Hurly Burghley

Hurly Burghley

     We are visiting Burghley House near Stamford, which is a few miles north of Peterborough. It’s the place where they have the cross-country horse trials in stunning countryside. Or is it parkland? Both, I suppose. A lovely setting anyway for a mighty impressive house. A house where the other half live. Actually, it’s where the one percent of one percent live.

    If there are two things the UK is good at, they are State Occasions and Country Houses. Neither of which I have had any meaningful involvement.

   We are met by a charming lady guide. Very smart in cream blazer, friendly and well-spoken. She is the kind of lady one could imagine hosting a bridge four in a drawing room somewhere in a hide-away village below a thatched roof. Bear in mind that we are from a land, far to the north, where maidens in dungarees milk cows and swear a lot. Our hostess is altogether indicative of an 'English' way of life. It's peculiar actually, because in nearby Peterborough, where we spent a very comfortable night, there was a huge cross-section of nationalities. People of many races, of multiple hue, all unique, just walking, talking, sitting, eating. Amazing really, and the stage for this multi-cultural play is a wonderful honey-coloured central square surrounded by shops, cafes and bars. Close by, the striking gothic Cathedral - where the choir were practising Christmas carols in late September. What a mixture.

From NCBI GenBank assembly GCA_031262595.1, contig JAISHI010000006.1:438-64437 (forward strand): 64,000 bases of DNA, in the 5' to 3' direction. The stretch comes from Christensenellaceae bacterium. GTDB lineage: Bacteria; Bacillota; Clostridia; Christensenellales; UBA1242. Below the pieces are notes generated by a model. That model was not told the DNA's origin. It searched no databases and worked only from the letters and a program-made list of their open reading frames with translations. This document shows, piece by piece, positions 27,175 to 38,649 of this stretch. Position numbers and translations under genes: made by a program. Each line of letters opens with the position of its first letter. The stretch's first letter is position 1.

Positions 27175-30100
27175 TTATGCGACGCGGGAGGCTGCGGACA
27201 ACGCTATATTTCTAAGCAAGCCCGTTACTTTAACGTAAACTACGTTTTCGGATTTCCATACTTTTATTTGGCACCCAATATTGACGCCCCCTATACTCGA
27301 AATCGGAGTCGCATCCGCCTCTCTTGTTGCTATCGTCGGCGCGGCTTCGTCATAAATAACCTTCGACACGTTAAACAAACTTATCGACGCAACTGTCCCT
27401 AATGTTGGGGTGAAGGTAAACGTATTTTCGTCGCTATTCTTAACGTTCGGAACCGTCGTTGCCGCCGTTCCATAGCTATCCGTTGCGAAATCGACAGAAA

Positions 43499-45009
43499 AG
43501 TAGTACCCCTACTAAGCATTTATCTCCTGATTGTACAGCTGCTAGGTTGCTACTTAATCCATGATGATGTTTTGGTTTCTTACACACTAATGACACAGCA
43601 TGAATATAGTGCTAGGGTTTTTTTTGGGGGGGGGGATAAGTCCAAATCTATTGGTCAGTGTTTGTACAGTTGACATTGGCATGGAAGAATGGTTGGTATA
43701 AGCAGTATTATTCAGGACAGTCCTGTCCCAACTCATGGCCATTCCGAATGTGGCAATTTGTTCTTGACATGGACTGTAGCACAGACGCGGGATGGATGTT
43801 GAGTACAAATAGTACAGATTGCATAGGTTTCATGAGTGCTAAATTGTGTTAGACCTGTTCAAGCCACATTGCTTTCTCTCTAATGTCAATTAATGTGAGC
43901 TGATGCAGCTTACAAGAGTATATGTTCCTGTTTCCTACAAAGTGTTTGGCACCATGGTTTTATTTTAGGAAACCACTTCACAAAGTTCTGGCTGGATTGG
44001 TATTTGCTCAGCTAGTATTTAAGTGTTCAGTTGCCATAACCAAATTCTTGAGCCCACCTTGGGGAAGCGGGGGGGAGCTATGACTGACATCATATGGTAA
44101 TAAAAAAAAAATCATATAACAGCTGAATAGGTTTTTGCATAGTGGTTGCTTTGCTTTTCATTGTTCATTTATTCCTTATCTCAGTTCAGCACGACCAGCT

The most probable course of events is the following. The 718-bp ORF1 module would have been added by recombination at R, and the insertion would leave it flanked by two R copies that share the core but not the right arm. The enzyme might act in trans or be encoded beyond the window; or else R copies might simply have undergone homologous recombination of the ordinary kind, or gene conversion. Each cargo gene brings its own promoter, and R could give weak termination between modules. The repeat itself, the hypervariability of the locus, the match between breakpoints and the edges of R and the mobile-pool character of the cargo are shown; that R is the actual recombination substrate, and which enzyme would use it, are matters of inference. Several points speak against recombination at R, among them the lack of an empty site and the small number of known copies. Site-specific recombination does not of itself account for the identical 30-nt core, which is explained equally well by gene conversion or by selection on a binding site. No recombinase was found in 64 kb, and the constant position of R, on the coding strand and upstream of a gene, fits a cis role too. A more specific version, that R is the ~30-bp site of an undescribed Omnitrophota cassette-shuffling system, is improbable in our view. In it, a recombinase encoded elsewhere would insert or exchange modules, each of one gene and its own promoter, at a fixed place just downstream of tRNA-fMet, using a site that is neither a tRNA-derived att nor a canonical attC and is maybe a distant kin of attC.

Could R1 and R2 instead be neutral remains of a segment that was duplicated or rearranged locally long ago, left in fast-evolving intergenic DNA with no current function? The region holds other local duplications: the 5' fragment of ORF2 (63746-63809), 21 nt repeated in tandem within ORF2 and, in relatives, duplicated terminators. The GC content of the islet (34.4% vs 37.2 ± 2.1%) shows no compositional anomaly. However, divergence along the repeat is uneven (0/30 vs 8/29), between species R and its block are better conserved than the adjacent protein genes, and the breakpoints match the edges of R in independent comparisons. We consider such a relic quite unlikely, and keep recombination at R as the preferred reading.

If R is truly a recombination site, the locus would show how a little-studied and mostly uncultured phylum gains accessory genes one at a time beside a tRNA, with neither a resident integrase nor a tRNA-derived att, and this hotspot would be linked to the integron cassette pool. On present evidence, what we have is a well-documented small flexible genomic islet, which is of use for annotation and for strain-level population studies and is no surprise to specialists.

Anyhow, our lady guide talks her introductory talk for a few moments, actually trying to encourage us to buy a book portraying all the beautiful the artwork within the house. When I tell her I prefer to remember the real thing in situ she rapidly points to the corner of the room and says, ‘the visit begins through there in the kitchen….’.

    Now this doesn’t sound like the most promising start to a tour of one of our country’s great houses, but my scepticism is misplaced. It is absolutely amazing.


    Through an automated glass door that swings back reverently, we enter the Elizabethan kitchen. That’s Elizabeth 1 of course, 16th century Elizabeth. A kitchen from the second Elizabethan era would likely come from Sweden! And this one certainly didn't.

    We are pounced upon by another guide, male this time, a cheerful, fit-looking chap. You have to pre-book a time to look around the interior of the house. We booked the 10.30 AM slot, the first of the day. As we are just about the first guests of today’s first slot, our guide seems desperate to impart knowledge. It sounds like he’s been storing up his spiel overnight because we’re bombarded with interesting facts - he's rather like someone who lives on their own and won’t shut up when they get chance to offload. We discover he is a narrowboat owner, so we sort of connect, he probably realizes we are willing ears.